From the time that the plea agreement in the KetMoRee stabbing was announced, it was more than a bit of a head scratcher for me. While it wasn’t that shocking that the DA was willing to go to voluntary manslaughter and a stipulated 24-year sentence as opposed to murder and a life sentence for the main defendant, given the known facts of the case, the fact that they allowed the other defendants to walk was nothing short of stunning.
One question that I – and others I have spoken to as well – have had is why wouldn’t the DA’s office at least get the five co-defendants on gang charges and go for prison time, especially since several were involved in an attack on someone at the jail?
We know that at times the DA’s office will take into account the family of the victim. For instance, the DA’s office probably would have preferred to seek the death penalty in the Robert Hodges triple murder case, but the family wanted the case resolved and Mr. Hodges accepted responsibility in exchange for life without parole and so the DA respected the wishes of the family.
I know in at least one high profile case, the family of the victim played a huge role in the relatively lenient sentence.
Unfortunately Mr. Gonzales blames the judge when the judge was not the one who had anything to do with this.
Mr. Gonzales writes: “Today, I intend to enlighten the communities of Northern California about Judge David Rosenberg’s unjustifiable actions in my son’s case.”
He continues: “My family and I stand as members of society, greatly impacted by the lenient punishment given to six murderers. Punishment in the justice system is supposed to protect the interests of the victims, discourage others from committing similar crimes, and protect society as a whole.”
Mr. Gonzales then writes: “This past December, three of the six men who killed my son also used forks to severely harm another inmate while in jail. And despite knowing their need for violence, Judge Rosenberg dismissed five of the active gang members from charges for the murder of my son Peter in exchange for one to take the blame.
“He allowed the other five guilty men to suffer no consequences for taking a life. This week, the other two involved in the jail fight received a short five months in jail (after credits) for attempting to take another life simply because they apologized.”
According to Henry Gonzales: “The people of Davis, the Davis Police Department and Yolo County DA’s Office need to know that their efforts are being thwarted by a judge who simply doesn’t care about the wellbeing of their communities. The justice system does not work if officials like Judge Rosenberg do not do their part in acting in the public interest.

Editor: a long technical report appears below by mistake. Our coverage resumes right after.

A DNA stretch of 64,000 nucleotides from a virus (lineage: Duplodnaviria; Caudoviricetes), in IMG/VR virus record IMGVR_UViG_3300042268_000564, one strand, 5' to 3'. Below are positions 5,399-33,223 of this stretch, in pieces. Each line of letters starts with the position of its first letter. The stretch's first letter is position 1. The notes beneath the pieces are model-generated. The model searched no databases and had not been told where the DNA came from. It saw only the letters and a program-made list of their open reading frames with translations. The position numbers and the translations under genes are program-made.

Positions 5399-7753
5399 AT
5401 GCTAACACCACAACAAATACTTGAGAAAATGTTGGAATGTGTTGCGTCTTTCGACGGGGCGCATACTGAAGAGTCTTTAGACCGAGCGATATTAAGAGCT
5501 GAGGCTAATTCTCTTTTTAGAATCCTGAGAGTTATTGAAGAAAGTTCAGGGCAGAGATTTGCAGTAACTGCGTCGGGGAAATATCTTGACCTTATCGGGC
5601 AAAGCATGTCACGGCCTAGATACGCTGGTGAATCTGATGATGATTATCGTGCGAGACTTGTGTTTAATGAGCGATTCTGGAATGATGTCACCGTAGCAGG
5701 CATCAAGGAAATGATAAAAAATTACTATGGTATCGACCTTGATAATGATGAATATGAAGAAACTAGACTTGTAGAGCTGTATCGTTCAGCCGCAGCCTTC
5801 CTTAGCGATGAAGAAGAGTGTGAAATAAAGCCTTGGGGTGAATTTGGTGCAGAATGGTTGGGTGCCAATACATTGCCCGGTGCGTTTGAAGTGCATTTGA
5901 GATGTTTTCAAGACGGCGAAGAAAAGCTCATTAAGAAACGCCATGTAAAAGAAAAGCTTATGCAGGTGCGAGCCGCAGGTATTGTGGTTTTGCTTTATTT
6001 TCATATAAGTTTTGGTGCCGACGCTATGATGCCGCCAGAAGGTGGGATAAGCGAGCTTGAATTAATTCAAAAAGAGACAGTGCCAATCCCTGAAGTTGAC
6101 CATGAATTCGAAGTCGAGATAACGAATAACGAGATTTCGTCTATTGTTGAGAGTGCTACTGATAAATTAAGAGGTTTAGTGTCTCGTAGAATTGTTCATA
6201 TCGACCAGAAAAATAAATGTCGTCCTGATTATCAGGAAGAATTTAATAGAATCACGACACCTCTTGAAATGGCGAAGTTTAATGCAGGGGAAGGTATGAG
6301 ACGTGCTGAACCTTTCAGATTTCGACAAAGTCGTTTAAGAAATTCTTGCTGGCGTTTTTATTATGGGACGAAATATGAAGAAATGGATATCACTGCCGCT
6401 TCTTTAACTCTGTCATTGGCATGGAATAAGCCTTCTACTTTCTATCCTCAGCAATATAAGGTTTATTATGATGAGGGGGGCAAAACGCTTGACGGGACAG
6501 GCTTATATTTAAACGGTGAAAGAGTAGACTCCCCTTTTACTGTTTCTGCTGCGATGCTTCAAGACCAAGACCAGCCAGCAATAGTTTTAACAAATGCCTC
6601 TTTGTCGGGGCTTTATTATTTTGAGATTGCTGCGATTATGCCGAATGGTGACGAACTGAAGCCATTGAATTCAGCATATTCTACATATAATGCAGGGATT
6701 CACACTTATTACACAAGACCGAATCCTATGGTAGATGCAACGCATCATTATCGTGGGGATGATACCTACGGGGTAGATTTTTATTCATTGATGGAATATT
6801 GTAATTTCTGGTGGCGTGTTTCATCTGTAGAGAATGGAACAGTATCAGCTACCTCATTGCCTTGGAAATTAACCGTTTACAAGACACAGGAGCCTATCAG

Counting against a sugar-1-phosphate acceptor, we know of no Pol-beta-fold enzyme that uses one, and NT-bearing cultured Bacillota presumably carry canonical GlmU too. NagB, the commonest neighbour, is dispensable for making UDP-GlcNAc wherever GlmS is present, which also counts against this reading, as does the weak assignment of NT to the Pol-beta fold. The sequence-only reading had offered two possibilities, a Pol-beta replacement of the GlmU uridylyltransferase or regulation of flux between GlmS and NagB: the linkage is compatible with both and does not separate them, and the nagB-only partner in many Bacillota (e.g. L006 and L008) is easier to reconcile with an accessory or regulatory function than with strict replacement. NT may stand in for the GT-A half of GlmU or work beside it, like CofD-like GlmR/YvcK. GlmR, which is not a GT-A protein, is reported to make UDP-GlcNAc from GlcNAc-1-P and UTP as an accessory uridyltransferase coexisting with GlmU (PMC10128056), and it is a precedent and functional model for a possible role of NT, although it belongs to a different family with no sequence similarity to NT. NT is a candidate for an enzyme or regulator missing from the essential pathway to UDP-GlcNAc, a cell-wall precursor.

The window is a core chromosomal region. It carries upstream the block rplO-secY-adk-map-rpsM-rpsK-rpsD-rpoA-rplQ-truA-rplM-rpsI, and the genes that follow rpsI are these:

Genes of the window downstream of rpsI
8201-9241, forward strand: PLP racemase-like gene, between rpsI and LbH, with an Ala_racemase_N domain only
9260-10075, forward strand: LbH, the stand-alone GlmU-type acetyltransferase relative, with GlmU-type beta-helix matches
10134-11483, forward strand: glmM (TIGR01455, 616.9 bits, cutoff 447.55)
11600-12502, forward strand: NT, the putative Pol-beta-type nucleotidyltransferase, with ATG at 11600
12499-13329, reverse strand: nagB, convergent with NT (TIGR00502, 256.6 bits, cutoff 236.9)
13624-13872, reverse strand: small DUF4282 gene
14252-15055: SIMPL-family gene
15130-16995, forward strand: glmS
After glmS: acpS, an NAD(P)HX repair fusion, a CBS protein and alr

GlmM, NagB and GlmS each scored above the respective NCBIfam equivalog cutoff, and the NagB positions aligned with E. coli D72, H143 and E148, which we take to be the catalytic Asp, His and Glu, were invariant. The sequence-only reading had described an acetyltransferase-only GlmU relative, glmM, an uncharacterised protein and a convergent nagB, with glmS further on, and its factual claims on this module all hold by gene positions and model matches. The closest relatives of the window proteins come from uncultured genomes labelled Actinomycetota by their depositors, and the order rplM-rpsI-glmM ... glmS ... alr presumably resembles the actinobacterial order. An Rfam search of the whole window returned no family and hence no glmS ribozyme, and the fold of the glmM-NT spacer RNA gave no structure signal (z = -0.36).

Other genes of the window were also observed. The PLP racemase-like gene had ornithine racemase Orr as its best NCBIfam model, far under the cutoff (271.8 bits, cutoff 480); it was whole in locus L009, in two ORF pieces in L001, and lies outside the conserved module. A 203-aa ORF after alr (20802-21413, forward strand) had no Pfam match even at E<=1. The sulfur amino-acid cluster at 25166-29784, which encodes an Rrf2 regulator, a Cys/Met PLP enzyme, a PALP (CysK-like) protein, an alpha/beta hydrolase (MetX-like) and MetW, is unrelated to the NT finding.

“Judge Rosenberg has taught gang members many things,” he said. “First, if you commit or aid and abet a murder, you will not be punished. Second, if you apologize for a heinous crime, he will not look at your repeated history of violent crimes, but instead, give you another chance to repeat it. In fact, Judge Rosenberg will not even look at any admissible evidence presented by the prosecution.”
He concludes: “With Judge Rosenberg on the stand, we all have reason to fear for our lives.”
Our hearts go out to Henry Gonzales, the father of a murder victim. We cannot imagine the pain and suffering he has had to endure for more than two years after the loss of his son. The problem here is that, while his pain is understandable, he is aiming his anger at the wrong target.
The reason the charges were dismissed against the five co-defendants had nothing to do with the judge. It was not the judge who initiated dismissing the charges. It was the prosecutor in the case. If hard questions are to be asked they should be asked of the elected district attorney, not a judge who was simply doing his job.
Unfortunately the time of grief is not a great time to learn a civics lessons. I find myself in the position of teaching relatives, usually of the accused, about how the system actually works.
In the legal system we are, for reasons unapparent to me, taught that the judge is the most powerful actor in the court. Why wouldn’t we believe that? After all, a judge is the neutral party, the arbiter of the law, and the administrator of justice.
But in the real world the most powerful agent is not the judge, but the prosecutor. Step by step, judicial discretion has been taken away from judges. That was intended to rein in lenient judges and impose mandatory sentencing schemes.
The most powerful agent in the courtroom is by far the prosecutor and it has been probably so since the start of the system. It is the prosecutor who makes the decision as to who to charge, when to charge, and what to charge the defendant with.
It is the prosecutor who has the power of plea bargain, to accept a lesser conviction and dismiss remaining charges. That is what happened here.
Unfortunately in this case, no one has asked the DA’s office to explain why they dismissed outright the charges against the five co-defendants. The letter from Mr. Gonzales makes the matter all the more urgent, but someone needs to let him know that he should be asking these questions of the prosecutor, not the judge.
—David M. Greenwald reporting